NEW YORK (WOMENSENEWS)–At only 22 years old, Amani al-Khatahtbeh is the editor in chief of her own online publication,

The magazine “was launched from the bedroom of a high school girl that was fed up with the misleading misconceptions surrounding Islam,” reads the website.

A New Jersey native, al-Khatahtbeh now lives in Washington, D.C., where she is a media relations specialist at the American-Arab Anti-Discrimination Committee. She describes herself as “a human and civil rights activist and public speaker.” Her areas of focus include media, race, gender and politics.

This interview, for Women’s History Month, is part of a series that taps activists from the 1960s through today to showcase the diversity of those involved. It was conducted via email.

1. How do you describe yourself within feminism or the women’s movement? How do you label yourself? Muslim feminist? Feminist? Or do you stay away from such labels?

The basic tenets of Islam are inherently feminist, so identifying as a feminist goes hand in hand with my identity as a Muslim woman.

2. Some women of color describe the feminist movement as white, middle class and not sufficiently inclusive. Do you agree?

The Western feminist movement has always been alienating to women of color. I would argue that “feminisms” that disregard the intersections of race, class and gender are not only anti-feminist, but even uphold systems of oppression that feminism claims to defy. I think the most important thing for the movement is to take a step back and empower women to speak for themselves, rather than assuming their lived experiences and speaking for or talking over them.

3. Muslim, veiled and feminist. How do you respond to people who have a hard time fitting those three words together?

No one has the right to pass judgment on Islam or Muslim women if their only knowledge of either of them comes from Fox [News] or “American Sniper.” The whole premise of feminism is to empower women’s individual choices and autonomy of their own lives. It’s interesting how Western feminism has always been gung-ho about this concept unless it is applied to Muslim women. Not only does the misconception of Islam’s relationship with feminism reveal a very politicized and stereotypical image of Muslim women, but it also infantilizes us as though we are incapable of thinking or making decisions for ourselves. As a Muslim woman, my hijab is my feminism; both in asserting my authority over my body as well as defying post-9/11 Islamophobia, racism and stereotypical expectations.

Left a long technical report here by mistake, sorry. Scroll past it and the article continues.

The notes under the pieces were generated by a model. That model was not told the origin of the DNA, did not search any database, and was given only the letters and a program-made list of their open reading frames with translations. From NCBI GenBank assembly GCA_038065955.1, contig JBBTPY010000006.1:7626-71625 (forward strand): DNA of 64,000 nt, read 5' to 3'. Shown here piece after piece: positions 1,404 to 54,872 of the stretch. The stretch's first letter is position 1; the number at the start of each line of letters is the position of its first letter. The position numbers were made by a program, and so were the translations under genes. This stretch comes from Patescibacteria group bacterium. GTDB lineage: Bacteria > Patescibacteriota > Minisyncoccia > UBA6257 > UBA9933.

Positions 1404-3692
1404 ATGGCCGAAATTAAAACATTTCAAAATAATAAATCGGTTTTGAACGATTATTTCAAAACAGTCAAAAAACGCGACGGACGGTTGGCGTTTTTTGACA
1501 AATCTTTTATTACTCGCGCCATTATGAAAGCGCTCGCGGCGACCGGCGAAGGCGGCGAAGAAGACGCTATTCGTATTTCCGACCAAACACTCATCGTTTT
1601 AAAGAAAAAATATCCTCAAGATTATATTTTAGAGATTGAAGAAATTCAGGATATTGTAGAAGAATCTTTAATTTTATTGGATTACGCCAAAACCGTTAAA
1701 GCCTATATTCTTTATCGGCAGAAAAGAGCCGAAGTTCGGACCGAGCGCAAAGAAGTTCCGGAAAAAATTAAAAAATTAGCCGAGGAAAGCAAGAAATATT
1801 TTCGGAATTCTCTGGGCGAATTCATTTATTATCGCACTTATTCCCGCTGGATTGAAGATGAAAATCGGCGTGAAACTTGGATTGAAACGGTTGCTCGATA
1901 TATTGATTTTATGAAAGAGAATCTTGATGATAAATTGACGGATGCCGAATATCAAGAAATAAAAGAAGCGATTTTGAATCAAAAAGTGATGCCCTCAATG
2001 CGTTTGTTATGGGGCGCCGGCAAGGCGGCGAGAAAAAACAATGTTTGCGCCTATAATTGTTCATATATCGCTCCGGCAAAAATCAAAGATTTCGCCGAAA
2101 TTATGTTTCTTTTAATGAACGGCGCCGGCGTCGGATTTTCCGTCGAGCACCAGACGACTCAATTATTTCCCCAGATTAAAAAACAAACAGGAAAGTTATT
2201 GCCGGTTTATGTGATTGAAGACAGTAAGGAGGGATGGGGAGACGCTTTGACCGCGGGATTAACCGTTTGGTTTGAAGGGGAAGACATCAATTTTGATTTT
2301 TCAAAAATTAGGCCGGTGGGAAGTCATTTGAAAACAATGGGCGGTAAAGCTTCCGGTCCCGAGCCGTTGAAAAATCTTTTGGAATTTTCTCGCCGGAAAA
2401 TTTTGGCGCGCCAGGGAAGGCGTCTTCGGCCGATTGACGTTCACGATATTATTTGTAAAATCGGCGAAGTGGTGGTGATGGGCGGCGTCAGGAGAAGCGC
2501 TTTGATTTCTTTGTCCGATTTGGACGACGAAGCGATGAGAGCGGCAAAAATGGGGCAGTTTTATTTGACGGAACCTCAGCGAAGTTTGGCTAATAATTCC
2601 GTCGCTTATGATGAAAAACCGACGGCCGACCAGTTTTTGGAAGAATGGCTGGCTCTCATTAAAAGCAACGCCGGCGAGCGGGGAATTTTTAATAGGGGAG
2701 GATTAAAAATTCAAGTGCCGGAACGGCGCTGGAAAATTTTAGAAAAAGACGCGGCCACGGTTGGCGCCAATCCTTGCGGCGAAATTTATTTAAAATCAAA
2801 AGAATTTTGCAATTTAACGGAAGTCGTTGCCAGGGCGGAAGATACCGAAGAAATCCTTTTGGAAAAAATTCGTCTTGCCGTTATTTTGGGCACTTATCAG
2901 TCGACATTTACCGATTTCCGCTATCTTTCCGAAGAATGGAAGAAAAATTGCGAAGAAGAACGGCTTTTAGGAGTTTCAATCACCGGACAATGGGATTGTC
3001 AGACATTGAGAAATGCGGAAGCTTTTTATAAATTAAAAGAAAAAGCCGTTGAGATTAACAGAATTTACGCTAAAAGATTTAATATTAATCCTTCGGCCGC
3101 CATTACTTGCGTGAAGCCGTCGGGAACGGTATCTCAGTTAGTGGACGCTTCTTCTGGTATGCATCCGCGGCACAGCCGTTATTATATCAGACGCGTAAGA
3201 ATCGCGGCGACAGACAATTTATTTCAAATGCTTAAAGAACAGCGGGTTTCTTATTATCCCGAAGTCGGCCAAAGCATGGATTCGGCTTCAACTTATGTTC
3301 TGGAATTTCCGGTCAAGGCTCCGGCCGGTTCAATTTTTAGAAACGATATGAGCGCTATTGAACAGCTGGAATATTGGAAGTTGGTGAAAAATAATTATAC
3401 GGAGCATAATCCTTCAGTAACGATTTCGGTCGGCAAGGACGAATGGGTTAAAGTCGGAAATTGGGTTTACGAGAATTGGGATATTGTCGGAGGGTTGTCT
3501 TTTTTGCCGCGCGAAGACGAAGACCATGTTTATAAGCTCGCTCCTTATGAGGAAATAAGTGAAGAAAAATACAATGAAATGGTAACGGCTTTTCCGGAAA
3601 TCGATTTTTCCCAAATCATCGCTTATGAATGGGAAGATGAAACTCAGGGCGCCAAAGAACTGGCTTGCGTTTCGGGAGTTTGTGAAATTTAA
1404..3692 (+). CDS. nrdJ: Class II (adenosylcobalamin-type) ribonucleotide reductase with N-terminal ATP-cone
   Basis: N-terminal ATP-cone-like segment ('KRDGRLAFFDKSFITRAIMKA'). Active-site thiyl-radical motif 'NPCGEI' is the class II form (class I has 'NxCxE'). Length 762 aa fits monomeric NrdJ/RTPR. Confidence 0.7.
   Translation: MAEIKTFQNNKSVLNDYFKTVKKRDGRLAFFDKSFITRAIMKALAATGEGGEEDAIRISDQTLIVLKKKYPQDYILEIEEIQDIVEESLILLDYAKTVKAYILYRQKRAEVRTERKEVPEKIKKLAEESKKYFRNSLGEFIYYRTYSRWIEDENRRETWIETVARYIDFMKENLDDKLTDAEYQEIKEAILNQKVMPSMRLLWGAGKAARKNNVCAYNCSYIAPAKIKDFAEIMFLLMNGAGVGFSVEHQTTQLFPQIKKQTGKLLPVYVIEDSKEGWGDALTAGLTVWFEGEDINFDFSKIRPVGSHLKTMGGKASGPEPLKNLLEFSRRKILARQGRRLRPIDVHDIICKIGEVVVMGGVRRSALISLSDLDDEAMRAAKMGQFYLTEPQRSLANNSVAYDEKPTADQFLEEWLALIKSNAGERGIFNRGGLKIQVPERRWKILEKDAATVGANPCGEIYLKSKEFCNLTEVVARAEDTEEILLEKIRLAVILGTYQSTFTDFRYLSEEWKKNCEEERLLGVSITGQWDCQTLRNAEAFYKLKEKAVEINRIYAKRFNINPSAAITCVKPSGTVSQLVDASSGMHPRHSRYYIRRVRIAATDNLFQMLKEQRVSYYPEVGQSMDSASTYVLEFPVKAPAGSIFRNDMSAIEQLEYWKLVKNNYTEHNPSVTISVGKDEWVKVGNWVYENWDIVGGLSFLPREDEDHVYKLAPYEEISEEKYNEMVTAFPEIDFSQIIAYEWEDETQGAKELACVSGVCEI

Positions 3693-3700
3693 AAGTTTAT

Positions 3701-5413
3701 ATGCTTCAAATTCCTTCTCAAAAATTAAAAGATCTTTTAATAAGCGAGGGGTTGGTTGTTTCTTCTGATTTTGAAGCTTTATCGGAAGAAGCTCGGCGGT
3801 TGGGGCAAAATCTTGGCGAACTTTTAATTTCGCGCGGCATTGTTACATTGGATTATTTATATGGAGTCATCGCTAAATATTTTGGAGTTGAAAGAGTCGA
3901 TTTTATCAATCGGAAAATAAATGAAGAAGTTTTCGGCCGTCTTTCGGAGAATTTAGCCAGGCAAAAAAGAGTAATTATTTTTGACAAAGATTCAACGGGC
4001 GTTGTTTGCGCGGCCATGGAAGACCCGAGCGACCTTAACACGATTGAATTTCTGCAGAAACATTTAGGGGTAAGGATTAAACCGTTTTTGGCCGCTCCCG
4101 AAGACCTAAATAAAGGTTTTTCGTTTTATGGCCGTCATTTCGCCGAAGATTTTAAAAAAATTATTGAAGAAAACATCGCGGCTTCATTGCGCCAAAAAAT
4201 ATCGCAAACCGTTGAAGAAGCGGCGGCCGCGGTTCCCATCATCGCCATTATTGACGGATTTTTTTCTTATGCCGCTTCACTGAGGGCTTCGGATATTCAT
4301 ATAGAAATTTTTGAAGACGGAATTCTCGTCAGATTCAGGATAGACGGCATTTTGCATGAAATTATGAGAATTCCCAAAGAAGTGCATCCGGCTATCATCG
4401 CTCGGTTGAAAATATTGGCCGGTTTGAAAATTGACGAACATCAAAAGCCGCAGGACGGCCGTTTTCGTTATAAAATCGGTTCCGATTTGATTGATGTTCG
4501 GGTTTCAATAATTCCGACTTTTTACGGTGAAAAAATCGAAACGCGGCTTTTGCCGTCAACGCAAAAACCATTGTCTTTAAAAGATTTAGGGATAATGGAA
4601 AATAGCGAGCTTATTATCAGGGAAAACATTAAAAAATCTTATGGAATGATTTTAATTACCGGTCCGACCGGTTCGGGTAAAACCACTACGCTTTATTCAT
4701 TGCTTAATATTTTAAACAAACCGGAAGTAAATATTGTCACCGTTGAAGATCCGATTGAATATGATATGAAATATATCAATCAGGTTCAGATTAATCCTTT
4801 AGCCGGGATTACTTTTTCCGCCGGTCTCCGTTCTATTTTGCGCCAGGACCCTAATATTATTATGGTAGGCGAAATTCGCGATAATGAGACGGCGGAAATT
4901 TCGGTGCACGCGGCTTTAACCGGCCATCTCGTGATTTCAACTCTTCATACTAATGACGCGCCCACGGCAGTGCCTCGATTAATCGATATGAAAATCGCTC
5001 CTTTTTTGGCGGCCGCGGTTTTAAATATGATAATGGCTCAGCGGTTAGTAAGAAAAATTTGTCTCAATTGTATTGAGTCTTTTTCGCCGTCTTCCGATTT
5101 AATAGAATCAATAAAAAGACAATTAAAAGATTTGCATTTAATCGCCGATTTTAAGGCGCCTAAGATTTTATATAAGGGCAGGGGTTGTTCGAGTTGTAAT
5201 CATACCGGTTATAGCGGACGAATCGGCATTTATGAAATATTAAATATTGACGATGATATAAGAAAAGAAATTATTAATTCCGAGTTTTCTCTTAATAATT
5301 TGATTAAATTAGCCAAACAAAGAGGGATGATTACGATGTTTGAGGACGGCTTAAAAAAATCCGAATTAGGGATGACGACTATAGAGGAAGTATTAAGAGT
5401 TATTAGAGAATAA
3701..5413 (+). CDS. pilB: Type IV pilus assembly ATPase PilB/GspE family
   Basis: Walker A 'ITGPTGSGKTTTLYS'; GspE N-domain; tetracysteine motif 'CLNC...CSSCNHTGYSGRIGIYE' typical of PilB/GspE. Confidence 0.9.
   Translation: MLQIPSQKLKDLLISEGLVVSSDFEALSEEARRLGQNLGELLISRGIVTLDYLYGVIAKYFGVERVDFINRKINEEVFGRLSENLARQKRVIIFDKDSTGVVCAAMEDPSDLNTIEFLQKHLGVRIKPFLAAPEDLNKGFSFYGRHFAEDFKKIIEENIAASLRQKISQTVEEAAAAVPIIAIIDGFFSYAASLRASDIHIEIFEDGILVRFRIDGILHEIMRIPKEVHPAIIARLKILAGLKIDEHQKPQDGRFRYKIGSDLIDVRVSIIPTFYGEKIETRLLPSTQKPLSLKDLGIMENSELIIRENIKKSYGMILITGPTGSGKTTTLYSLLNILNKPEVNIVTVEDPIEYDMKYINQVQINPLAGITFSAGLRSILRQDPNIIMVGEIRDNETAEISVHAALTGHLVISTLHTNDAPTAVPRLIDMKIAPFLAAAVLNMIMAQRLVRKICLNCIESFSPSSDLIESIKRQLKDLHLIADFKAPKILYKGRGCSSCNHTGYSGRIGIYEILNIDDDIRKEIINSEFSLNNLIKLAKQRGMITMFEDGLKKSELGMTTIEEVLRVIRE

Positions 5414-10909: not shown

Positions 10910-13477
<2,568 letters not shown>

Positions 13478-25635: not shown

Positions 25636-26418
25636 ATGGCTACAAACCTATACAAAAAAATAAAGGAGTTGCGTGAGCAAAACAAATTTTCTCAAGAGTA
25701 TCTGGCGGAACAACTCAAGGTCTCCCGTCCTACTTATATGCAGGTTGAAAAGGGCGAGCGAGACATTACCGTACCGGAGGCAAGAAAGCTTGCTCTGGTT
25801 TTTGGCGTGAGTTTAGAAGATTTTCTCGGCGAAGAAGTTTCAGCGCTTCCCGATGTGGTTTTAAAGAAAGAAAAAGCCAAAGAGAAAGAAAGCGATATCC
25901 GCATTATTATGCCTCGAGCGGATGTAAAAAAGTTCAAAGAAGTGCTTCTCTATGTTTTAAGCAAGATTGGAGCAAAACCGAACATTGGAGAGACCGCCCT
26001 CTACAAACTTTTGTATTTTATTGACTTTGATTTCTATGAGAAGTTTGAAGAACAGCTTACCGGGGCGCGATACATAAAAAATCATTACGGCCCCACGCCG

4. As a Muslim woman, what are your priorities when it comes to women’s rights? For instance, today in the U.S. the abortion debate has become central in many feminist circles. Is it also one your top priorities at the moment?

On top of the issues directly impacting the women’s community in America, women of color also have to face problems disproportionately affecting them in ways that often become matters of life and death. At the moment, American Muslim women are alarmed by the recent spike in hate crimes that often target “visibly Muslim” women that wear headscarves. Additionally, the national conversation surrounding police brutality is of particular interest to Muslim women because militarization against communities of color is a shared struggle. Of course, American foreign policy often lands on the backs of Muslim women as we watch our tax dollars go towards our–or our allies’–droning, bombing and economically suffocating Muslim women and children abroad.

5. You are very active and vocal on social media where women are often targeted by trolls, some of whom threaten rape or death. What has been your experience online so far?

The Internet can be a very vitriolic place for women as it’s a space where we publicly defy the margins to which society relegates us. Though I’ve gotten used to brushing off online negativity, there have been times that it’s been so triggering it leaves me affected for days. I’ve been the victim of both rape and death threats, and they’re usually always racialized and somehow tied into my Arab or Muslim background. One of the common comments Muslim women receive when they’re speaking their mind online is, “You wouldn’t even be allowed to share these opinions if you were in your country! You’d be stoned!” as though we don’t belong and, ironically, in an attempt to keep shutting us up in societies that claim a moral high ground. This is part of the reason why I started MuslimGirl; to create a space where we can collectively assert our voices on important topics and where “Muslim Women Talk Back.”

BIO: Hajer Naili is a New York-based reporter for Women’s eNews. She has worked for several radio stations and publications in France and North Africa and specializes in Middle East and North Africa women in Islam. Follow her on Twitter @h_naili.

Related stories:

Ruth Rosen Compares Intimidation, Then and Now

Veiled Muslim Teens Reflect on World Hijab Day

Muslims Say French Feminism Shuts Them Out

Femen’s Islam-Bashing Disregards Muslim Feminism

Note: Women’s eNews is not responsible for the content of external Internet sites and the contents of site the link points to may change.